You want to take your new puppy out for a stroll; now, all you need to do is train him to walk on a leash. Watch as Expert Pet Trainer Kathy Santo show you how to walk your new family member.
Hi, I'm Kathy Santo with IAMS, and today we're going to talk about how to leash train your puppy. Once your puppy is around eight weeks old, you can begin leash training. The first thing you'll need is a collar or harness that fits your puppy appropriately, never too lose or too tight. You should be able to fit two fingers between the collar and your puppy's neck. When deciding between using a collar or a harness, there are a few things to consider. Does your puppy have any respiratory issues? Does your puppy pull when being walked on leash? Use a harness or head halter if your puppy pulls on leash, or has respiratory problems. Before you can jump right into training, you'll need to get your puppy used to wearing a collar and having the added weight of a leash. The best thing to do is have him wear the collar or harness and leash around the house, so he becomes used to the feeling.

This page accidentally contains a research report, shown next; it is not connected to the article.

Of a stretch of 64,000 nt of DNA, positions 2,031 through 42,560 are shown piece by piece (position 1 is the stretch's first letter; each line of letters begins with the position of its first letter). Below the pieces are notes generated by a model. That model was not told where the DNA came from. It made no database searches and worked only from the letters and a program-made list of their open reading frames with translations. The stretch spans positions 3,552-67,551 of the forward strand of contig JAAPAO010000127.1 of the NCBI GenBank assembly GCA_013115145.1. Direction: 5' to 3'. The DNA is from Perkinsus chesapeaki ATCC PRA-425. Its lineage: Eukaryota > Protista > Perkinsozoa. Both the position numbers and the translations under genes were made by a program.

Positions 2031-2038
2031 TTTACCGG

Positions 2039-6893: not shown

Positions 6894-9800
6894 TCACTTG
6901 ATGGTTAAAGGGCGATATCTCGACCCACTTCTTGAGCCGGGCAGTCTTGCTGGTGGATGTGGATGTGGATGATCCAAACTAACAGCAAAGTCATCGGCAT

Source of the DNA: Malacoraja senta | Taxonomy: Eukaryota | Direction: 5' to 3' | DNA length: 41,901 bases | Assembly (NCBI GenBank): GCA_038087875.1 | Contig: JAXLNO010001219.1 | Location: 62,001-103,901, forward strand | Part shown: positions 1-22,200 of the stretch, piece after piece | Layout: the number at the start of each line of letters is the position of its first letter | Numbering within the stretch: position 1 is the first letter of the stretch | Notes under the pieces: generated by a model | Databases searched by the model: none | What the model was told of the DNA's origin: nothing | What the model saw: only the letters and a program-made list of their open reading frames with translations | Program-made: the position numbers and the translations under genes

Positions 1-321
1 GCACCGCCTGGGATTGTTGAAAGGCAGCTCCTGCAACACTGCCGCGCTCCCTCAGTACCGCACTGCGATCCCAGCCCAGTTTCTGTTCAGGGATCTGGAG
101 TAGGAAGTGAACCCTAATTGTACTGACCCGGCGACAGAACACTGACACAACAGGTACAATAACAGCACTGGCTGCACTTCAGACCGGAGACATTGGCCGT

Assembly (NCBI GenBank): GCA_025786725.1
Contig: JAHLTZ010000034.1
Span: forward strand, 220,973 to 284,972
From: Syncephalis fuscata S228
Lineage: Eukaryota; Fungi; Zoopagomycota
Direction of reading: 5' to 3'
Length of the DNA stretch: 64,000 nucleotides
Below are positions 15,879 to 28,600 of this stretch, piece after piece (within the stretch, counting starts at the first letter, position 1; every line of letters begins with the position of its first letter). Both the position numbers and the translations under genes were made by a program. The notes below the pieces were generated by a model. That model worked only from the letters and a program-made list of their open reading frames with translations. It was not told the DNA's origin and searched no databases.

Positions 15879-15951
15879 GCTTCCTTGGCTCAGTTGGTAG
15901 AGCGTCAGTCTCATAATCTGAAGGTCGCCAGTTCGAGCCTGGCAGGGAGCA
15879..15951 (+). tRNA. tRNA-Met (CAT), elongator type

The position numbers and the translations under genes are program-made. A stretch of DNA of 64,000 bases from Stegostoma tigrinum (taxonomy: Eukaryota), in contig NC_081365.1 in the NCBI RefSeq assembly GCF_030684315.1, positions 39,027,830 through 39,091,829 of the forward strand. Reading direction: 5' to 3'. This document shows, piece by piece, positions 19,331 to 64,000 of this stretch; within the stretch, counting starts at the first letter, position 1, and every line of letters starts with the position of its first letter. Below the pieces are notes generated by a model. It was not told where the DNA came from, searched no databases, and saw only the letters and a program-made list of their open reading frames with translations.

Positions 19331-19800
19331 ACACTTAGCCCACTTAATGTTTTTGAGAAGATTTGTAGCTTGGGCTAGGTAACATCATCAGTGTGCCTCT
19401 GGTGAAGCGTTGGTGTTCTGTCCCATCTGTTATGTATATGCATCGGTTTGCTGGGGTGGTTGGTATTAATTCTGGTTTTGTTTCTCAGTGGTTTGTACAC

Be sure to keep an eye on your puppy to make sure he doesn't get trapped, caught, or accidentally injured. If your puppy is noticeably struggling, or looks scared, start off with a shoelace, or a small piece of rope, so he can get used to dragging only a little something around. This will help him get used to the added presence and weight of a collar and leash. Now for walking on a leash. The leash should have some slack, because when you put pressure on a dog, their natural reflex is to move or pull in the opposite direction. If you find that your puppy is afraid of walking with the leash, try placing treats along the route you know you'll be walking, to give him the notion that good times are ahead. That way, he learns to focus on what's ahead of him with curiosity, and not fear. As you begin walking your puppy, you will notice that your pace will sometimes have to be faster than you expect to retain slack in the leash. The more you work with your puppy, the quicker you'll be able to train him to slow down, while maintaining the needed slack. As you walk around, begin incorporating specific commands for your puppy. Basic commands include sit, stay, and heel, or let's go. Do your best to remain consistent with your commands, and guide your puppy through the learning process. For example, when you say sit, guide your puppy to sit until the command is recognized by the puppy. When you say heel, make sure your puppy is obeying your command before you start walking again. When your puppy starts to move ahead too quickly, come to a complete stop and wait for him to cease pulling before going forward. Practice his stop and go, never allowing your puppy to dictate your pace. If your puppy continues to pull on his leash, ask him to change directions, while saying "turn." This will condition your puppy to always look for you for direction, instead of him feeling like he can dictate where the two of you go next. I also like to run backward, and then switch to a different direction. This gets your puppy excited about chasing you. Remember to reward your puppy when he does the right thing, so that he begins to understand what you're asking him for. If your puppy still isn't catching on, try upgrading your treats, practicing in an area with fewer distractions, or working on more basic commands. Leash training takes time and patience. Both you and your puppy may get frustrated during the learning process. Do your best to avoid tugging. It's not fair to correct them for something they don't understand. As your dog enters adolescence, and clearly knows the difference between right and wrong, it's OK to give a slight occasional tug on his leash, if he insists on being difficult. If you remain patient and consistent with your puppy, he'll be leash trained in no time. I'm Kathy Santo with IAMS, and I hope that you found this helpful as you welcome your new addition to your family.